The Tracheal System And Gas Exchange

In common with all aerobic animals, insects must obtain oxygen from their environment and eliminate carbon dioxide respired by their cells. This is gas exchange, distinguished from respiration, which strictly refers to oxygen-consuming, cellular metabolic processes. In almost all insects, gas exchange occurs by means of internal air-filled tracheae. These tubes branch and ramify through the body (Fig. 3.10). The finest branches contact all internal organs and tissues, and are especially numerous in tissues with high oxygen requirements. Air usually enters the tracheae via spiracular openings that are positioned laterally on the body, primitively with one pair per post-cephalic segment (but not the prothorax or posterior abdomen in insects). No extant

Fig. 3.10 Schematic diagram of a generalized tracheal system seen in a transverse section of the body at the level of a pair of abdominal spiracles. Enlargements show: (a) an atriate spiracle with closing valve at inner end of atrium; (b) tracheoles running to a muscle fiber. (After Snodgrass 1935.)

Fig. 3.11 Some basic variations in the open (a-c) and closed (d-f) tracheal systems of insects. (a) Simple tracheae with valved spiracles, as in cockroaches. (b) Tracheae with mechanically ventilated air sacs, as in honey bees. (c) Metapneustic system with only terminal spiracles functional, as in mosquito larvae. (d) Entirely closed tracheal system with cutaneous gas exchange, as in most endoparasitic larvae. (e) Closed tracheal system with abdominal tracheal gills, as in mayfly nymphs. (f) Closed tracheal system with rectal tracheal gills, as in dragonfly nymphs. (After Wigglesworth 1972; details in (a) after Richards & Davies 1977, (b) after Snodgrass 1956, (c) after Snodgrass 1935, (d) after Wigglesworth 1972.)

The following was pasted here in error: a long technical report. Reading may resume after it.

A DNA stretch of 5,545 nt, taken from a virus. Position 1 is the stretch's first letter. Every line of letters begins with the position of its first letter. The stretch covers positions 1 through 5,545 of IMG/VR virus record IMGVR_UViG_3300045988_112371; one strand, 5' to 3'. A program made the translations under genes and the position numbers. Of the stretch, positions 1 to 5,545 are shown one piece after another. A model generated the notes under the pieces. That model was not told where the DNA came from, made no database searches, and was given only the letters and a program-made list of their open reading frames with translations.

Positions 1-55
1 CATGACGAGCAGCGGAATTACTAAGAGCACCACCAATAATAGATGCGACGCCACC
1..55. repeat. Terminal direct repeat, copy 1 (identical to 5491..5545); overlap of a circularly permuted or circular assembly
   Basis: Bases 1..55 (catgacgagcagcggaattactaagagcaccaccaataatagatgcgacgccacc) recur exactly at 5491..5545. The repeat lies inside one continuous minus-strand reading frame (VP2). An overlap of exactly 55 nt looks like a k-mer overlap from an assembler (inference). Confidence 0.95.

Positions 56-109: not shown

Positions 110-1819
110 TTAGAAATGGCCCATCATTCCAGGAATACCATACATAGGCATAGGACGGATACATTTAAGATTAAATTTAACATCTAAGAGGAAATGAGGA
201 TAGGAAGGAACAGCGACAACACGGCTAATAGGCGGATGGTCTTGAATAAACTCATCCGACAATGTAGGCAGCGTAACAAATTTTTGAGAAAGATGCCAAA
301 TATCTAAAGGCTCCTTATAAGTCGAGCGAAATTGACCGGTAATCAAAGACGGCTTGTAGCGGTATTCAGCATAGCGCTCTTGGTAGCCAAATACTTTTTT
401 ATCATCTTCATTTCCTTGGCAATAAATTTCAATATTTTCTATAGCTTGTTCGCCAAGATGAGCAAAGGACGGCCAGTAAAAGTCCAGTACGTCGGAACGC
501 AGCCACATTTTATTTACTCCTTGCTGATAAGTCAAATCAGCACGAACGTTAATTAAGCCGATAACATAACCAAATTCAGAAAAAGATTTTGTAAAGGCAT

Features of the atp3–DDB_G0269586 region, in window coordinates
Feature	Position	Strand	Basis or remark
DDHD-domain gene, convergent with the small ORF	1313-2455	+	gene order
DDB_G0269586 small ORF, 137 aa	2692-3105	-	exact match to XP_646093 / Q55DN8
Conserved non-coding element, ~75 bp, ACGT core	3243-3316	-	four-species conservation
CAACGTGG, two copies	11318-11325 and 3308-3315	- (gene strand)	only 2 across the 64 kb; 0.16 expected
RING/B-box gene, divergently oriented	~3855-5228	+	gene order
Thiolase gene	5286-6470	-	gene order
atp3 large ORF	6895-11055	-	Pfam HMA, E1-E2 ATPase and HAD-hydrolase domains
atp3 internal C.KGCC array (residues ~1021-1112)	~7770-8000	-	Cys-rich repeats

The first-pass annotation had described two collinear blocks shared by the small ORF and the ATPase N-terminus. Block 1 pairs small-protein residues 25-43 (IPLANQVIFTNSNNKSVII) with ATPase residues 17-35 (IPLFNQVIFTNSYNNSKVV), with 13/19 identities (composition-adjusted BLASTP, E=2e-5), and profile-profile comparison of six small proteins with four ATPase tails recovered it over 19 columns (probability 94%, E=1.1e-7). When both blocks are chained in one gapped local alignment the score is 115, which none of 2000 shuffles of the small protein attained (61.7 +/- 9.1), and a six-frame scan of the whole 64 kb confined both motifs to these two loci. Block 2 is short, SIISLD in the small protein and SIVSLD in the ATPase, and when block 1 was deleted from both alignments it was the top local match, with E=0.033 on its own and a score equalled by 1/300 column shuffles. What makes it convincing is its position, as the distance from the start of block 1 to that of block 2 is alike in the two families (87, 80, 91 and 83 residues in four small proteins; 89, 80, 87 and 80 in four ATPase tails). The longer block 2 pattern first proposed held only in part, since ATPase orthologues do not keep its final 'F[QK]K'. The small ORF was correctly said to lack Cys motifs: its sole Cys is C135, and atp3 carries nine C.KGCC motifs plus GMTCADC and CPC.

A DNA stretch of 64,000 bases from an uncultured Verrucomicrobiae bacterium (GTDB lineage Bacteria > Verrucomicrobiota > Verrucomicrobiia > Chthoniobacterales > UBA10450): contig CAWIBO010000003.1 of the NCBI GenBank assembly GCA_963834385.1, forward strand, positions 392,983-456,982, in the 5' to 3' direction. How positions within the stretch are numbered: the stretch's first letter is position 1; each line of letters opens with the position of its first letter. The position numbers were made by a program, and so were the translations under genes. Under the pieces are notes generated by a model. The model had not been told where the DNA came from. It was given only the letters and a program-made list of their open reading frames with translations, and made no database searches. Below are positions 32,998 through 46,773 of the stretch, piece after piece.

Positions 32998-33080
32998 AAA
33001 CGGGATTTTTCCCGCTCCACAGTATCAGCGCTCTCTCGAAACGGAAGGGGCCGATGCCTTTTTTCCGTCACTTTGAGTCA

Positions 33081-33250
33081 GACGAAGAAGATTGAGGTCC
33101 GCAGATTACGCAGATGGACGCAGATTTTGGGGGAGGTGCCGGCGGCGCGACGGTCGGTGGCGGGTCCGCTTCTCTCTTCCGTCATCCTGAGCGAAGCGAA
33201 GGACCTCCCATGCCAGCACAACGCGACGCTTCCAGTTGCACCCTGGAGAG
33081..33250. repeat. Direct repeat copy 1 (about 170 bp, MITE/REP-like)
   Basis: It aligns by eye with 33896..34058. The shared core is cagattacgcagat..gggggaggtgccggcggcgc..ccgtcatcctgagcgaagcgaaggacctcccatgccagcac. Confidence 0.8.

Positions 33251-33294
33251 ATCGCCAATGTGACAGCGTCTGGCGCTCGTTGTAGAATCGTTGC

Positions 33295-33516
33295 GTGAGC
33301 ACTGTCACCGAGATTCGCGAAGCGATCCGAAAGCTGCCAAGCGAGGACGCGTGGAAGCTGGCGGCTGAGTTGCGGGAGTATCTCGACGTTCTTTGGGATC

insect has more than 10 pairs (two thoracic and eight abdominal) (Fig. 3.11a), most have eight or nine, and some have one (Fig. 3.11c), two, or none (Fig. 3.11d-f). Typically, spiracles (Fig. 3.10a) have a chamber, or atrium, with an opening-and-closing mechanism, or valve, either projecting externally or at the inner end of the atrium. In the latter type, a filter apparatus sometimes protects the outer opening.

Each spiracle may be set in a sclerotized cuticular plate called a peritreme.

The tracheae are invaginations of the epidermis and thus their lining is continuous with the body cuticle. The characteristic ringed appearance of the tracheae seen in tissue sections (as in Fig. 3.7) is due to the spiral ridges or thickenings of the cuticular lining, the taeni-dia, which allow the tracheae to be flexible but resist

Beekeeping for Beginners

Beekeeping for Beginners

The information in this book is useful to anyone wanting to start beekeeping as a hobby or a business. It was written for beginners. Those who have never looked into beekeeping, may not understand the meaning of the terminology used by people in the industry. We have tried to overcome the problem by giving explanations. We want you to be able to use this book as a guide in to beekeeping.

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